Tuesday, 1st June 2010
Seventy years ago on 10th May, Winston Churchill became Prime Minister of Britain. To commemorate the occasion, the Imperial War Museum is installing a compelling new interactive exhibit at the Churchill War Rooms in Whitehall.
This is an interactive web-based application, which allows visitors to view hundreds of superior-quality images in a Deep Zoom mosaic built by Microsoft Silverlight specialists, Shoothill. The mosaic features a giant image of Churchill, which viewers can ‘zoom into’ to see hundreds of other captivating pictures of the great man, in addition to private letters, documents, audio files and video footage.
Whilst museums have used Microsoft Silverlight to supplement their online content, Shoothill and the Imperial War Museum have broken new ground with the Churchill project, as it is the first ever Silverlight application to be used within a museum exhibit.
As well as familiar photographs depicting Churchill smoking his beloved cigars and giving the famous ‘V’ for ‘Victory’ sign, there are poignant snapshots from his youth and the most trying periods of his political career.
Churchill led the country through the most of World War II including the terrifying Blitz bombings of Britain by Nazi Germany between 1940 and 1941, and there are several striking pictures depicting Churchill inspecting the damage to various parts of the country after devastating air raids.
In equal measure, the mosaic features spectacular pictures of Churchill at play, engaging in favourite pursuits such as riding his polo pony (he was a keen player in his younger years), holidaying in glamorous spots like Monte Carlo and relaxing aboard Aristotle Onassis’s luxury yacht in Greece.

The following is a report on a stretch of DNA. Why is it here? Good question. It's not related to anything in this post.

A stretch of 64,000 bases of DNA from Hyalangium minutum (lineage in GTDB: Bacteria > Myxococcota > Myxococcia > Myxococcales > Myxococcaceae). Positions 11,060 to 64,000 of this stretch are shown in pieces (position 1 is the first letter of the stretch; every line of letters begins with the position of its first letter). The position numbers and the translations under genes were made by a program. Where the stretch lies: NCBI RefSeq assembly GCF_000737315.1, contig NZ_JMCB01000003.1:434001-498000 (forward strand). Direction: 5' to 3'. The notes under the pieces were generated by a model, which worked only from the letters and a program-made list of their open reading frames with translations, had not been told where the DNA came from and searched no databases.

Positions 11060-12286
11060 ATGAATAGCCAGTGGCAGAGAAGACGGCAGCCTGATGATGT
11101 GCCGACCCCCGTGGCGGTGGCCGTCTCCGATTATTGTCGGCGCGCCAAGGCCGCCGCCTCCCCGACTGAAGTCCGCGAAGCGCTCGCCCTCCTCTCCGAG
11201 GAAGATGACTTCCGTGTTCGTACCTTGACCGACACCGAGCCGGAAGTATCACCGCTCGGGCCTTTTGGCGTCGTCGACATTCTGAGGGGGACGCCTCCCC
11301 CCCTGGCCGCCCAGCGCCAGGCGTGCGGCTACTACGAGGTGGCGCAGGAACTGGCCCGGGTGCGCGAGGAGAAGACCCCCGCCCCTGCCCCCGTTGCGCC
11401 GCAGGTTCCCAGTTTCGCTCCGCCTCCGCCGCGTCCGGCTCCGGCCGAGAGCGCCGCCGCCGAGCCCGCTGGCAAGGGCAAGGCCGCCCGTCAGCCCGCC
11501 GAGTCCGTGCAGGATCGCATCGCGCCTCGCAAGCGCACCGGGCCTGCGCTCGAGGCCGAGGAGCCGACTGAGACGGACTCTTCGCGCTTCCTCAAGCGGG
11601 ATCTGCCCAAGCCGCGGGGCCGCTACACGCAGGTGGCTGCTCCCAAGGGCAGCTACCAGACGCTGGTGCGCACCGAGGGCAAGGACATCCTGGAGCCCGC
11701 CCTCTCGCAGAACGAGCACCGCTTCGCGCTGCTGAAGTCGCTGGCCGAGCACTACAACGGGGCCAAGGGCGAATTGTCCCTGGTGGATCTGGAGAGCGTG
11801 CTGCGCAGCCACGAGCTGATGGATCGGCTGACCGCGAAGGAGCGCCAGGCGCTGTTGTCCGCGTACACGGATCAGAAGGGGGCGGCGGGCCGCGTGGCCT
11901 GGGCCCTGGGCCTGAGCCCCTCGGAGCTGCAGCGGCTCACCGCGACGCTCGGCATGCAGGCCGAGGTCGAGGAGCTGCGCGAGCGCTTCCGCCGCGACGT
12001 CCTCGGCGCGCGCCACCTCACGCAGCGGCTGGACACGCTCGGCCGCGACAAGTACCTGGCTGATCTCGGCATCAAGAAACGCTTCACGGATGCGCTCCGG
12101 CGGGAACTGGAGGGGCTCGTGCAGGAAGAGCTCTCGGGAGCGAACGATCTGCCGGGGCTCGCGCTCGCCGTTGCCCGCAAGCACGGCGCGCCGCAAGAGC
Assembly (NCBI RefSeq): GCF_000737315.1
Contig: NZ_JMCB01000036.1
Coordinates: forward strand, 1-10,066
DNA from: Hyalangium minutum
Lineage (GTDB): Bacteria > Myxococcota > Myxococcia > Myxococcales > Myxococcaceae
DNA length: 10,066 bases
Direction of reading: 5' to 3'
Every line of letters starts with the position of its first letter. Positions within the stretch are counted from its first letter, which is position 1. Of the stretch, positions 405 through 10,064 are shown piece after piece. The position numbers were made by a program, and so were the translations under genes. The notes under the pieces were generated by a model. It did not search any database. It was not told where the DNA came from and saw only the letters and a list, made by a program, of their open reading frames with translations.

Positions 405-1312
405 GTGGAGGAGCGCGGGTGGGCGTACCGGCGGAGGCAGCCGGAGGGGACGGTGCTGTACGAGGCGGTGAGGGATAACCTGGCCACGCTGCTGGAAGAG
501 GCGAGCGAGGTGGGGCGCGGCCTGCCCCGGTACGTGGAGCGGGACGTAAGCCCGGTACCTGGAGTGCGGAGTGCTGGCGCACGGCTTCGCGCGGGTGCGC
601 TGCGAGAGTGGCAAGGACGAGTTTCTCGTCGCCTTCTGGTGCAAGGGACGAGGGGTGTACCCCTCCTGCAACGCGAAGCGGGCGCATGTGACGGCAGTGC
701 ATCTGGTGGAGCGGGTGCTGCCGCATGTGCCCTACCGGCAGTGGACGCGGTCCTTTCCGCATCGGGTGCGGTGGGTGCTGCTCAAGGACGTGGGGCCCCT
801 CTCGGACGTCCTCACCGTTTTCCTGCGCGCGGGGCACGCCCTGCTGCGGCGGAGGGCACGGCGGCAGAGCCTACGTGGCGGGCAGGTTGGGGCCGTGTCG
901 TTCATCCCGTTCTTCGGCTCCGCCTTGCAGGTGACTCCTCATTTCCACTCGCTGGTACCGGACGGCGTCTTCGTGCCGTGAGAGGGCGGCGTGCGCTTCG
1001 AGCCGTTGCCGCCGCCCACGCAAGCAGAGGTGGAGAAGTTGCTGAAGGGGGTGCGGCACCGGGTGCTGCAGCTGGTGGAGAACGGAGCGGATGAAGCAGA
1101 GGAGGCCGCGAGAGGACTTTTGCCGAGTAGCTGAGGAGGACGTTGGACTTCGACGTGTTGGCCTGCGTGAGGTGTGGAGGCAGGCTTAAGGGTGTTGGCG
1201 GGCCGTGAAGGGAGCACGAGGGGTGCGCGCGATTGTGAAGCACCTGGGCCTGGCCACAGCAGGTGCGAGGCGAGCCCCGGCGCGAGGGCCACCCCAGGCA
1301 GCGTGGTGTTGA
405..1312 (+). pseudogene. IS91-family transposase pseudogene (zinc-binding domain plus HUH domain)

Several original documents and letters from Churchill College Archives are also embedded within the mosaic, providing a fascinating insight into Churchill’s personal life. For instance, the school report issued by St. George’s School in Ascot in November 1883 reflects an unhappy early education.
Users can zoom in to read personal letters written to Churchill by his wife Clementine, who gently reprimands him about his conduct towards colleagues, as well as the letter Winston Churchill penned to his predecessor, Neville Chamberlain, to outline his carefully-selected War Cabinet staff on his first full day as Prime Minister.
Image: A glance at the Churchill Deep Zoom on the Imperial War Museum website